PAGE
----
How a GPS works

Any navigation solution provided by a GNSS Receiver is based on the computation of its distance to a set of satellites, by means of extracting the propagation time of the incoming signals traveling through space at the speed of light, according to the satellite and receiver local clocks.

Notice that satellites are always in motion, so previous to obtaining the navigation message, the satellite’s signal is detected and tracked. The receiver’s functional blocks that perform these tasks are the antenna, the front-end and the baseband signal processing (in charge of acquiring and tracking the signal).

http://navibees.com

Once the signal is acquired and tracked, the receiver application decodes the navigation message and estimates the user position. The Navigation Message includes:[1]

  • Ephemeris parameters, needed to compute the satellite’s coordinates.
  • Time parameters and Clock Corrections, to compute satellite clock offsets and time conversions.
  • Service Parameters with satellite health information.
  • Ionospheric parameters model needed for single frequency receivers.
  • Almanacs, that allow computing the position of all satellites but with a lower accuracy than the ephemeris.

The ephemeris and clocks parameters are usually updated every two hours, while the almanac is updated at least every six days.

The GPS Signal In Space is specified in the following documents:[2]

  • IS-GPS-200E: Interface between the space segment of the Global Positioning System and the navigation user segment of the GPS for radio frequency link 1 (L1) and link 2 (L2)
  • IS-GPS-705A: interface between the space segment of the Global Positioning System and the navigation user segment of the GPS for radio frequency link 5 (L5).
  • IS-GPS-800: interface between the space segment of the Global Positioning System and the navigation user segment of the GPS for signal L1 Civil (L1C) transmitted in the frequency band of L1.

Sing! Don’t be afraid…

Remember * when you breathe out and breath in focus on how steady and consistent your breathing can get. Don’t try to blow out fast and this doesn’t actually help your training. The element to focus in this training is being consistent.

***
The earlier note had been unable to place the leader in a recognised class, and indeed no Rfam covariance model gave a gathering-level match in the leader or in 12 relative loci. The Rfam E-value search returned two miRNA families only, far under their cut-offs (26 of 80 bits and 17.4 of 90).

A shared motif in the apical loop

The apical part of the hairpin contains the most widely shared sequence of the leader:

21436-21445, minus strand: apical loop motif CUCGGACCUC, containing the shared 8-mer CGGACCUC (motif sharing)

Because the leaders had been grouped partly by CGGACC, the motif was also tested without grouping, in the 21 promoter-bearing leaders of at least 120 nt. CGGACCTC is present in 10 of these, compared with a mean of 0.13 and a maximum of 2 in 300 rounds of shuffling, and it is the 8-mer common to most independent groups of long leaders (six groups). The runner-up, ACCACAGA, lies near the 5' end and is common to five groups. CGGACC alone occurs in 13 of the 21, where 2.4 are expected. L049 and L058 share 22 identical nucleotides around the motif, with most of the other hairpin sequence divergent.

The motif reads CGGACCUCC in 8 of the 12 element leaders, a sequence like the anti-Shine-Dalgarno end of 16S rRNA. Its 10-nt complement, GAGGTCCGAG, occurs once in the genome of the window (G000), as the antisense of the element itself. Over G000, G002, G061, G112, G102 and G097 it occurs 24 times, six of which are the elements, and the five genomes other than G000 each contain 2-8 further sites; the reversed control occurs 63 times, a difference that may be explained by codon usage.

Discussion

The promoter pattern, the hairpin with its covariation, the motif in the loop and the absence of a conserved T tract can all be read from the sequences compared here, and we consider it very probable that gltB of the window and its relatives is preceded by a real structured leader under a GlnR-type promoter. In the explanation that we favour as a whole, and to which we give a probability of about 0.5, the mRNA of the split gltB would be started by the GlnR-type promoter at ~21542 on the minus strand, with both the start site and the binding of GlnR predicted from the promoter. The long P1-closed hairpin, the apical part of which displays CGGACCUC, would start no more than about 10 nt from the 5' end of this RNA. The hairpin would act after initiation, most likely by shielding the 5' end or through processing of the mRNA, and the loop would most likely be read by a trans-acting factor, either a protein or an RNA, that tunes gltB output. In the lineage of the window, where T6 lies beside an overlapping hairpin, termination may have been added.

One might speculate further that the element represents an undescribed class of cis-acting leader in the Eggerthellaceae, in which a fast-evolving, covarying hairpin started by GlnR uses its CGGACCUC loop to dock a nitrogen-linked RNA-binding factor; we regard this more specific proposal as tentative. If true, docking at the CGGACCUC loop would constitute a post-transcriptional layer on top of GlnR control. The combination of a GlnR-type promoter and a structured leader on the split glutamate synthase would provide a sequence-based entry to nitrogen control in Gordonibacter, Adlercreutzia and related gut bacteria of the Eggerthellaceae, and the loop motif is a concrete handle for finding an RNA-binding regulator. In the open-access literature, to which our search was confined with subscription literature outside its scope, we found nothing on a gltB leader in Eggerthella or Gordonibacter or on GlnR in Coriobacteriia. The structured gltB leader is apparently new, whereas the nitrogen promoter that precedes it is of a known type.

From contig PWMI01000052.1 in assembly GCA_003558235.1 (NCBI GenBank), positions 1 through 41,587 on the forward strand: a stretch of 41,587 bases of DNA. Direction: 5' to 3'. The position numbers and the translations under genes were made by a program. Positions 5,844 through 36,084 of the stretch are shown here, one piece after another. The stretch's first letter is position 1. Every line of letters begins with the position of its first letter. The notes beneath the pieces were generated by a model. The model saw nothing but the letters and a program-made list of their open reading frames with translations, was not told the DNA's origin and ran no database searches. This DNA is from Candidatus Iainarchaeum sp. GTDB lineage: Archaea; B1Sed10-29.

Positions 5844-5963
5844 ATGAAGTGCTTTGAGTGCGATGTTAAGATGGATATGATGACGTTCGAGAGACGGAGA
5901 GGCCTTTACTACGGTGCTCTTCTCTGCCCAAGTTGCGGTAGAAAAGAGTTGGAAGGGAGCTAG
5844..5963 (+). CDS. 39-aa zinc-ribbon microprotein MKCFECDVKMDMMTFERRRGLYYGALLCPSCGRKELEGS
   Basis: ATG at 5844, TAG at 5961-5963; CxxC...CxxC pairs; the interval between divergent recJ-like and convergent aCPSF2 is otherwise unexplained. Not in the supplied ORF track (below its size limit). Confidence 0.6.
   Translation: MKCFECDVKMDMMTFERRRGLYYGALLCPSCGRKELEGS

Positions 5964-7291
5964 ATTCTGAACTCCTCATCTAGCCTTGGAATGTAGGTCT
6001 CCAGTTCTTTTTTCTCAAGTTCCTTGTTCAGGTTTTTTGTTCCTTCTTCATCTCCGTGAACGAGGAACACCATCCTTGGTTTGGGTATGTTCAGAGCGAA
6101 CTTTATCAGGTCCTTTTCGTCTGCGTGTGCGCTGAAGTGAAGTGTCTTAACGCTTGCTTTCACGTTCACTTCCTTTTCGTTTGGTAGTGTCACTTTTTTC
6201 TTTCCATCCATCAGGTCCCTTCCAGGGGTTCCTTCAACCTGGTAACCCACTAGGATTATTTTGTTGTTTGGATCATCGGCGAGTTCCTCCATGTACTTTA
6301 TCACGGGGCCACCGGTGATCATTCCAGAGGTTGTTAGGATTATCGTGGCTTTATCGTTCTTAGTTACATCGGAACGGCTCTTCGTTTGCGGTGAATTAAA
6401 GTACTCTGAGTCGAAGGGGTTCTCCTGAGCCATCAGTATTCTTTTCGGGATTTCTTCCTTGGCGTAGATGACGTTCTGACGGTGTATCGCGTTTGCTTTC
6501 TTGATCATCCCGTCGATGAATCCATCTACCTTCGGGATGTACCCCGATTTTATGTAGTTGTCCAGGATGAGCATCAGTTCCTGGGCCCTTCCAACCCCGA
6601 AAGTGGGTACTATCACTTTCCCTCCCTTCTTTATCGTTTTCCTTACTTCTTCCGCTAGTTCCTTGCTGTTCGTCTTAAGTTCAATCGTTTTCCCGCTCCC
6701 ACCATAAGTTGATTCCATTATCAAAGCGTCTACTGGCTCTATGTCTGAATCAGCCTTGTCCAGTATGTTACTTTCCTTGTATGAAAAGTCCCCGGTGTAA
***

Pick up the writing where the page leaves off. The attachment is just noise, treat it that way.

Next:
• Breathe in for 4 seconds, and then hiss the same breathe out for 4 seconds.
  • Breathe in for 2 seconds, and hiss out for 10.
  • Breathe in for 4 seconds, hiss out for 16.
  • Breathe in for 4 seconds and hiss out for 20.

Here if you notice you are trying to empty your lungs slowly and steadily focus on gradually increasing the pattern after few days.

Try to drink lukewarm water instead of Chilled or hot water because lukewarm water is soothing as well as loosen your vocal chords.

How to sing better

Remember while singing don’t think of the mistakes that you have made or how bad the day was, just allow yourself to make mistakes you will only grow by taking risks, and attempting to improve will surely reward you and make things work, and the only thing that should matter is not to be afraid and move ahead with confidence what’s the worse that could happen!

Its only you and your voice that should matter, how beautiful or scary you may sound, you actually learn more and pay more attention when you are happy about the little progress you do every day, gaining experience works so once you make up your mind and don’t let yourself down you are sure to find the confidence too very soon.